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quod pro nobis traditum est

Saturday, April 12, 2008

Liturgy - dealing with external matters

Discussing liturgy one can run into walls at times. What is befuddling appears to be a posed separation between faith and liturgy (more than a mere distinction). In this way liturgy becomes mere external ceremony which may or may not be aesthetically appealing. This would explain the difficulties one hears with lex orandi, lex credendi and the idea posed to me once that God is with us everywhere (ie, Matt. 28) but not necessarily with us in the liturgy, Divine Service or Mass on Sunday morning. Sunday morning becomes, in this way, understood more as a public "show," of some sort or another, that is distinguished from faith (then liturgy also becomes separated from the sacraments). Whoever is in charge controls the show (this could also help explain the slide of worship into entertainment). The quote below adds some sense to the confusion we face in discussing the liturgy, at least in my mind. The quote provides a glimpse of a bigger picture of how the liturgy is viewed by some, or many, in the Lutheran tradition.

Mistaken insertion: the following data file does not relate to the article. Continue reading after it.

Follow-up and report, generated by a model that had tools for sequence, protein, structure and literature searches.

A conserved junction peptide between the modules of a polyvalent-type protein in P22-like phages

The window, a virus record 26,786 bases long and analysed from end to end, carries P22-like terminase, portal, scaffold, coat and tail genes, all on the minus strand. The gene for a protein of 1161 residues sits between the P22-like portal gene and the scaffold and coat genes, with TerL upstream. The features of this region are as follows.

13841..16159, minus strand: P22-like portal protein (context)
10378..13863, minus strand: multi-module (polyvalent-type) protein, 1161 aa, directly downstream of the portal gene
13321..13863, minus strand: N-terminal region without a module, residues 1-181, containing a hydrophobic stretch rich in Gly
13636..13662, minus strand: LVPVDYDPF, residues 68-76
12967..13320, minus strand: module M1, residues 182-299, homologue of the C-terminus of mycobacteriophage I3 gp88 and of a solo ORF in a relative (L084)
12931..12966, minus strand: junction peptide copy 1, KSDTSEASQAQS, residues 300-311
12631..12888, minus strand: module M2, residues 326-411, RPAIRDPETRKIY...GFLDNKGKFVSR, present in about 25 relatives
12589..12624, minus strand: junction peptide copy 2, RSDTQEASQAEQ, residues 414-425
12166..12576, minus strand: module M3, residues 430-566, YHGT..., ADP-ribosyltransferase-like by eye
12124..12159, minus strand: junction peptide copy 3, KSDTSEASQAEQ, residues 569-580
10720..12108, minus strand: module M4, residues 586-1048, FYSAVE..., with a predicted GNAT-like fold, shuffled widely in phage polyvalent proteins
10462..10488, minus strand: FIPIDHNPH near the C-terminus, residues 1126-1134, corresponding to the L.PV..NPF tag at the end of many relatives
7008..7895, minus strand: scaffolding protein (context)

"[Graebner] was the only theologian in St. Louis who realized that there was something to liturgical theology, even though he saw only the outward things such as ceremonies which appealed to his artistic senses. His original judgment was that liturgical practices were adiaphoristic ("indifferent"). There were many others who, like, him, looked upon the liturgical revival only as a restoration of traditional ceremonies."
(B. von Schenk in Lively Stone, p. 30)

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